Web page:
UNIVERSAL COVERAGE: Wellstone Proposes Long-Shot Bill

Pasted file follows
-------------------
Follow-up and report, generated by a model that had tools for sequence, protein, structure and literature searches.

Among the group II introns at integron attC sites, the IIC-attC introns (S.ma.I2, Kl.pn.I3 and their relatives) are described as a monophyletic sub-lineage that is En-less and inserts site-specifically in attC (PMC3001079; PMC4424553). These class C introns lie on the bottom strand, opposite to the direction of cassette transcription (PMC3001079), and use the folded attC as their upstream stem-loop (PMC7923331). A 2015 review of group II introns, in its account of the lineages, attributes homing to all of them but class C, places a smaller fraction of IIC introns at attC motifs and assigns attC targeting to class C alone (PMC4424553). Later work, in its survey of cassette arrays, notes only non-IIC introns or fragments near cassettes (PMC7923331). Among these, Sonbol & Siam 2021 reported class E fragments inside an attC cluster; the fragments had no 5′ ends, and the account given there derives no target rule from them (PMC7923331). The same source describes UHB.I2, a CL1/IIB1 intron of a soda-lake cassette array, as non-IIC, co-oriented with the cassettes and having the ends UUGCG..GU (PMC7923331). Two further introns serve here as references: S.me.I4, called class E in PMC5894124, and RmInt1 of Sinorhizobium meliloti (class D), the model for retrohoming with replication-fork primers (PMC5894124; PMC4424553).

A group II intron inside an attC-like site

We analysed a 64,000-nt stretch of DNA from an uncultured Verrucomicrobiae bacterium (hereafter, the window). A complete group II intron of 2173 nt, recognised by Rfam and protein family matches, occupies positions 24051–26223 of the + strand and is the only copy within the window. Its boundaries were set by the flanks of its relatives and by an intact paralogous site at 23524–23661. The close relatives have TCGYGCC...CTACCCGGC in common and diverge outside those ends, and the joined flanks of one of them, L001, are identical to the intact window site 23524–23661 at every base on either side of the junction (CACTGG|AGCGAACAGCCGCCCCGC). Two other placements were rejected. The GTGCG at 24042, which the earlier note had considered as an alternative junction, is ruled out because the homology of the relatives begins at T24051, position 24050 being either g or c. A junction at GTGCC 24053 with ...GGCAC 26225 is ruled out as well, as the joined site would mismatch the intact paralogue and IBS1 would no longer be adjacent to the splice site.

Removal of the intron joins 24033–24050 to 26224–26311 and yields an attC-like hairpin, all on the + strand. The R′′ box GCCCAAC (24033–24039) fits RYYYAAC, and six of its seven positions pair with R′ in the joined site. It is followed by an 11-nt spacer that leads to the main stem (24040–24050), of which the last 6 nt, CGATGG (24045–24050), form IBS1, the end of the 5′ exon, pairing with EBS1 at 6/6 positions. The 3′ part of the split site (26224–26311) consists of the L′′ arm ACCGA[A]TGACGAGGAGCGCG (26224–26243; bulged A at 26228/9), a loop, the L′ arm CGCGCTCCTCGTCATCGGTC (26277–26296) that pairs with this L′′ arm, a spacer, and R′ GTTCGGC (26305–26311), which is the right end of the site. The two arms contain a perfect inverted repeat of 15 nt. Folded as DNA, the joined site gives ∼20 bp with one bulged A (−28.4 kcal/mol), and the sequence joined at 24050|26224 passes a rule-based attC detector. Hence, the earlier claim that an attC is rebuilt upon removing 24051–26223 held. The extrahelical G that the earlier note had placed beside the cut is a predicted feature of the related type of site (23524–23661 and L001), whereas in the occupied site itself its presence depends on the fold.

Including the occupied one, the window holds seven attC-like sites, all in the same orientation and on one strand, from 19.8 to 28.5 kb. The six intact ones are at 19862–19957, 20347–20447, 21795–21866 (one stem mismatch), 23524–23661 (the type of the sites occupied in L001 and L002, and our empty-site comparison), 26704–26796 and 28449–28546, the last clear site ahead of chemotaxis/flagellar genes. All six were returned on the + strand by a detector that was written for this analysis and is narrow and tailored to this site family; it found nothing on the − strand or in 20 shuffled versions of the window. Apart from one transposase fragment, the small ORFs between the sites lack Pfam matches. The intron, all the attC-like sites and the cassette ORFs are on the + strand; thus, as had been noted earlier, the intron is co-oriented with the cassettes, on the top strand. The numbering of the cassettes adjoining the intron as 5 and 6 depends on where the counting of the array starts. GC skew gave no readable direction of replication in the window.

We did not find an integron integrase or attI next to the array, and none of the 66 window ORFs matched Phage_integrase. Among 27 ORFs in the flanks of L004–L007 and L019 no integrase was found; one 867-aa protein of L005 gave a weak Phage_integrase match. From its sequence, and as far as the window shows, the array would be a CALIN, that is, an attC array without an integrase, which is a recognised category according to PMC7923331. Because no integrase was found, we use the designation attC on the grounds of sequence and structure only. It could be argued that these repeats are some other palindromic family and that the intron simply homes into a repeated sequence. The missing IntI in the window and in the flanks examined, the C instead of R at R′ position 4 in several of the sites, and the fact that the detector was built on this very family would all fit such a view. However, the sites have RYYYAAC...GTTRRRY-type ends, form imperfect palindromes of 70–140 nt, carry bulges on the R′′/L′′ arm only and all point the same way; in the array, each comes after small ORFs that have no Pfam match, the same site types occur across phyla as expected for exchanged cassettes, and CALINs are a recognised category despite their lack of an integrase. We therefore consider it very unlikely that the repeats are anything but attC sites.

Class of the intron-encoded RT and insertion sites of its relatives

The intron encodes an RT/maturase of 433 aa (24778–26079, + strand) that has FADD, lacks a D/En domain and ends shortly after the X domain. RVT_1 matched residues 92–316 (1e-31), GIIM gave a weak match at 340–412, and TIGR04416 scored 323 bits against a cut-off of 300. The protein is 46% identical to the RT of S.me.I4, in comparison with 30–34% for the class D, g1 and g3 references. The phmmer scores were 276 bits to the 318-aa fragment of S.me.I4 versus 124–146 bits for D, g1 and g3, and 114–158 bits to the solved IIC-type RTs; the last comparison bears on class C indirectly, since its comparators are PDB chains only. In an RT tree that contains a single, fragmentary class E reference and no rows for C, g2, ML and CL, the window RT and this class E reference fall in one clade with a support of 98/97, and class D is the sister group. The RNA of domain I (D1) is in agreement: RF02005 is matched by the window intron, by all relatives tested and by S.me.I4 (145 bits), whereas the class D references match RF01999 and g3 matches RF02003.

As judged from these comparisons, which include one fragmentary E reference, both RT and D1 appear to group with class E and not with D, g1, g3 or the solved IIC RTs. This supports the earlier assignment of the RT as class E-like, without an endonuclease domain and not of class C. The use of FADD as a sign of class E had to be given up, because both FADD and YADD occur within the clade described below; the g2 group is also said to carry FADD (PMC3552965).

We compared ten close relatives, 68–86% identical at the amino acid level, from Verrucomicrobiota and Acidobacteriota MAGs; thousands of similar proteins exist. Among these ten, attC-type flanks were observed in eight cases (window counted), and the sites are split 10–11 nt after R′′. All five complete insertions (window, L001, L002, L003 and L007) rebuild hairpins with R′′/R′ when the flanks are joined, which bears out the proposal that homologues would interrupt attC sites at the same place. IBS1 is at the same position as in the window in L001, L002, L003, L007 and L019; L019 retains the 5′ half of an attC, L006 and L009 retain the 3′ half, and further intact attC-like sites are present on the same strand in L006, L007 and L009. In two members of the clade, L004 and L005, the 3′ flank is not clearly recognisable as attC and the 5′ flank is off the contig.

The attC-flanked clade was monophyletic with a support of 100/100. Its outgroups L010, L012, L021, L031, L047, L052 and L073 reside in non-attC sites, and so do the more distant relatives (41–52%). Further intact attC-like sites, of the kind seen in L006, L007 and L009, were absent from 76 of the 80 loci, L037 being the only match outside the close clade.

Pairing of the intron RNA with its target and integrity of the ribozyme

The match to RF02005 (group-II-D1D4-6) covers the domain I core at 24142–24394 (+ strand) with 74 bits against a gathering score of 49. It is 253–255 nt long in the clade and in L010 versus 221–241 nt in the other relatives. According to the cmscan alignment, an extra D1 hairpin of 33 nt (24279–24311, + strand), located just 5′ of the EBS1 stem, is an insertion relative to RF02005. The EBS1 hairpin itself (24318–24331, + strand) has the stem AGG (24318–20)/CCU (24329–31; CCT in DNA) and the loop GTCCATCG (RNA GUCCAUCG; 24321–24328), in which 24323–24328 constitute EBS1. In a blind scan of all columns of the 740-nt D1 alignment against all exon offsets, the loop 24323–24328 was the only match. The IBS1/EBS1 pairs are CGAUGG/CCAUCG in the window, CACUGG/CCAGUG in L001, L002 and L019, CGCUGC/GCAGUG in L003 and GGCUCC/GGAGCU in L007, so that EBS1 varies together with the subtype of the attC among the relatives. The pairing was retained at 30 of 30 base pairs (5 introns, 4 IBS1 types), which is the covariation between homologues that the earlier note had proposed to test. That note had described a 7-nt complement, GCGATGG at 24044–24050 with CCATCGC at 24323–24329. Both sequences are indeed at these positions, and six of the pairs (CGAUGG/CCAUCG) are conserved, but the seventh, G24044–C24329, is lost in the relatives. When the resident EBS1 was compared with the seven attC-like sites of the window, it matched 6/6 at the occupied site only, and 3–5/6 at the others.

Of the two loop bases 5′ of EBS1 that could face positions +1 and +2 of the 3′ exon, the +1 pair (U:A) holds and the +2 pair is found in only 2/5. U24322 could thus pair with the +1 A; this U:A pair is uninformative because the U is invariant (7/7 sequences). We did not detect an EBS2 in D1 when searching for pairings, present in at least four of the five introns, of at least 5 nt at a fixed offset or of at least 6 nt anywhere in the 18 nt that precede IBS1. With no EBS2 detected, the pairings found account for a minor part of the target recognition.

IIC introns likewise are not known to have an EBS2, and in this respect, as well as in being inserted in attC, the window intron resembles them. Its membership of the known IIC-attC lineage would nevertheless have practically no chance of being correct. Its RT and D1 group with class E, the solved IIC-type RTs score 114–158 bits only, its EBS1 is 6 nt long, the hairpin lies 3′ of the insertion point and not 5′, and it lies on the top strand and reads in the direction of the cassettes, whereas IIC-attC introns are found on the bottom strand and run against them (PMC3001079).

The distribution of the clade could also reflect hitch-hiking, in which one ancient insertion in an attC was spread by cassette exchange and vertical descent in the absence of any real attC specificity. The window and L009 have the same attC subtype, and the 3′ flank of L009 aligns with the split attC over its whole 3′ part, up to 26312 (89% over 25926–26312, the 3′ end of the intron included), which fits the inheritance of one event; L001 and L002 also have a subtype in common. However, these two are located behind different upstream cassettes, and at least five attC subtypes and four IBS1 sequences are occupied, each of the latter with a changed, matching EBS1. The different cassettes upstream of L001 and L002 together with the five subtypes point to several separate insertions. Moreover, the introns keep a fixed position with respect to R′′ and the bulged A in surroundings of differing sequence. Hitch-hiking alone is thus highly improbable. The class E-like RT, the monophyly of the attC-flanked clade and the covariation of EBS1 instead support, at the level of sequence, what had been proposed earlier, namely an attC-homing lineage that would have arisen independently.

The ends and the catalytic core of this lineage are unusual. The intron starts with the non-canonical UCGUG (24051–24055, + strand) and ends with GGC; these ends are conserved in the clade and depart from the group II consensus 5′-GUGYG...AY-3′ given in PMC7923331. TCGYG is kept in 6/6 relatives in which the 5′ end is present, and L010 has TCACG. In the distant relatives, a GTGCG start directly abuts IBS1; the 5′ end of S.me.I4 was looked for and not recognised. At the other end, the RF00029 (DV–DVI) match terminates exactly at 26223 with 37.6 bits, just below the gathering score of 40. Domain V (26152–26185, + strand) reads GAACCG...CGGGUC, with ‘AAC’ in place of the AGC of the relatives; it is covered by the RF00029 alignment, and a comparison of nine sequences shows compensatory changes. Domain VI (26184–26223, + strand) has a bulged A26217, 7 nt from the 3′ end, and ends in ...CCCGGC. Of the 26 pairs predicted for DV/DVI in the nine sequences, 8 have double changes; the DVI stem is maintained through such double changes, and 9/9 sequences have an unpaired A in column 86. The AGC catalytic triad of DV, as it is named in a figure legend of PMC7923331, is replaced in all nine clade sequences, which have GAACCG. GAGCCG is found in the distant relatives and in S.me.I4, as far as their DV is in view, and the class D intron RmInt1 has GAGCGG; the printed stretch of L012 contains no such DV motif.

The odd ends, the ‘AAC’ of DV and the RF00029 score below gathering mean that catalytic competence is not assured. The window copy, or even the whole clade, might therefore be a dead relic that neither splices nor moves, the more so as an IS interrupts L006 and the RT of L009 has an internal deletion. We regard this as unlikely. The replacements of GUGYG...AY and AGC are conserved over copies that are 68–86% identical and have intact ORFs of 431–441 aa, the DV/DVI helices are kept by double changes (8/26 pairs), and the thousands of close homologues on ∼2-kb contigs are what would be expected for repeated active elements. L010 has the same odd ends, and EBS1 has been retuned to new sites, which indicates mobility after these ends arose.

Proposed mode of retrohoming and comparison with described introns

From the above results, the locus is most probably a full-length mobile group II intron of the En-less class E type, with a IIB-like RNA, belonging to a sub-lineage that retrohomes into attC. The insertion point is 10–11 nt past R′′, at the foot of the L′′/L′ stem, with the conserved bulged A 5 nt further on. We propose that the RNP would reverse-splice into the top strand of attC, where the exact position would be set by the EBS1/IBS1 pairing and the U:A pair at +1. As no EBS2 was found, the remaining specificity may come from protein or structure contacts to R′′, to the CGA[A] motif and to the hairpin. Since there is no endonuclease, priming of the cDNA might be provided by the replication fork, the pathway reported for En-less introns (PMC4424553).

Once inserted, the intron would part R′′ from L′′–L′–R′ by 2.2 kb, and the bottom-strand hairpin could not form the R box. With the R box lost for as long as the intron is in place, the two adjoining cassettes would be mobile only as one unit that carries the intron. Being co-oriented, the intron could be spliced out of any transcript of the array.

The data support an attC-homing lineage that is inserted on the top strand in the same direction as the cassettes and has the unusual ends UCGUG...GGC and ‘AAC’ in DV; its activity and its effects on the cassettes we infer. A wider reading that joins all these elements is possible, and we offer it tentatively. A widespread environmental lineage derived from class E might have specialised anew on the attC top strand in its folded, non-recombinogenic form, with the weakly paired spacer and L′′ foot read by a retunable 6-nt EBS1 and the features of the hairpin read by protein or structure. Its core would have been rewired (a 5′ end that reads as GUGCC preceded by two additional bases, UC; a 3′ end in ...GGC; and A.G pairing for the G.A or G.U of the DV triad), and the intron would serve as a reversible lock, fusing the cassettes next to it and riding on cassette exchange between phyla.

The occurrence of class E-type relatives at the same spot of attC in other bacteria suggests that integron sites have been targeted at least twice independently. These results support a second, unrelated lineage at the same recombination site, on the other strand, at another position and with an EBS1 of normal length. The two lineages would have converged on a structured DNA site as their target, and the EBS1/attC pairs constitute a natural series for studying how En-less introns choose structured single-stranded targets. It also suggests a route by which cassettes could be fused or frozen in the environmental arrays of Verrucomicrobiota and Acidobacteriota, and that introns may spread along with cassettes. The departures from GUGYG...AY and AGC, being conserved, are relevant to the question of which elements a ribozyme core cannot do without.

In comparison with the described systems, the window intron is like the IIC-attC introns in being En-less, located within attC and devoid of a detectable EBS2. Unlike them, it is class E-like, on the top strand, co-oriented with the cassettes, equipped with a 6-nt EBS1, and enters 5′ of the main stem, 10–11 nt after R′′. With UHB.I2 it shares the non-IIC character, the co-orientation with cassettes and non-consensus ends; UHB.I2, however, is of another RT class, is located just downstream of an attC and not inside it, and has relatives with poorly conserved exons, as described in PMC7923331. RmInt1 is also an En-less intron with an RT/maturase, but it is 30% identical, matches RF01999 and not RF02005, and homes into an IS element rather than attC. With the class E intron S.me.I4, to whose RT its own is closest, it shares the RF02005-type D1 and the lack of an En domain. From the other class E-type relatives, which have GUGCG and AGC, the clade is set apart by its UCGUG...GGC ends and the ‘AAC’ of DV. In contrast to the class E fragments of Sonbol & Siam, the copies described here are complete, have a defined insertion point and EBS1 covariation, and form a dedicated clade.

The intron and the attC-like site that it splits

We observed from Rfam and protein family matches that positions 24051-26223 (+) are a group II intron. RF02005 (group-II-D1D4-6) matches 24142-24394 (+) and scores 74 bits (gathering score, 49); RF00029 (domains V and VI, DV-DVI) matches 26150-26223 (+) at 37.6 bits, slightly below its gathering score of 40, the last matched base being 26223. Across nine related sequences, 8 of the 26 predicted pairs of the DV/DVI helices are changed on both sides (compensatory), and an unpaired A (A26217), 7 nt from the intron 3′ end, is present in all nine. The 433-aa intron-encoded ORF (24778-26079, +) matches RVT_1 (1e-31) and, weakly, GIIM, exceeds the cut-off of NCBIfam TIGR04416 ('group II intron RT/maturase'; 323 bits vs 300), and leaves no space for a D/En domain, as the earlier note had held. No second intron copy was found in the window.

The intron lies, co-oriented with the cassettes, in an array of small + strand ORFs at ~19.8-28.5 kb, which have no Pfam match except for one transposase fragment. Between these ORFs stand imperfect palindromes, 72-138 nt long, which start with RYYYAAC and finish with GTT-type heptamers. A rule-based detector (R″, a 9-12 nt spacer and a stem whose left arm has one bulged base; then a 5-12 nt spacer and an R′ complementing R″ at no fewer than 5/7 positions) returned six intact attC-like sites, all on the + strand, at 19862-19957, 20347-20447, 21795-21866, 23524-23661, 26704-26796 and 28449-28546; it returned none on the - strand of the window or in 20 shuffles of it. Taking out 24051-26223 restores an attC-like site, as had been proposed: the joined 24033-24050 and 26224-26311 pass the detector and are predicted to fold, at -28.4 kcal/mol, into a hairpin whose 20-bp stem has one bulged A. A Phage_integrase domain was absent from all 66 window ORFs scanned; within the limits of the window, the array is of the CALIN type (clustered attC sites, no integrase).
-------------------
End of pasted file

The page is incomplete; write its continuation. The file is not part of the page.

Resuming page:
Sen. Paul Wellstone (D-MN) Wednesday introduced a bill "to provide health insurance for all Americans," a proposal the Minneapolis Star Tribune notes is "unlikely to get far in Congress but one that Wellstone hopes will draw attention to a long-supported cause and a long-shot presidential candidacy." The bill gives states the authority "to decide how to provide minimum health benefits for their citizens," and it "limits out-of-pocket expenses and guarantees patient protections and rights." Wellstone's program would be fully implemented by 2003 at a cost of "$138 billion in federal matching funds to the states." Some health-related groups praised the effort, though they acknowledged the bill will be dead-on-arrival. Steven Findlay, of the National Coalition on Health Care, said, "We applaud Sen. Wellstone for putting forth a serious proposal. Unfortunately, Congress has become cynical about assuring that all Americans have insurance." On the other side was the Council for Affordable Health Care, which called the bill "rich, lavish" and "very expensive." Director David Lack said, "I don't want anyone in Washington to choose which benefits I'm going to have." Wellstone said he plans to "promote the plan as he tests the presidential waters in early primary states this summer." He said, "By introducing this bill, I am saying that we are not giving up on the goal of humane, affordable, dignified health care for each and every citizen in our country" (Hamburger, 5/14).This is part of the California Healthline Daily Edition, a summary of health policy coverage from major news organizations. Sign up for an email subscription.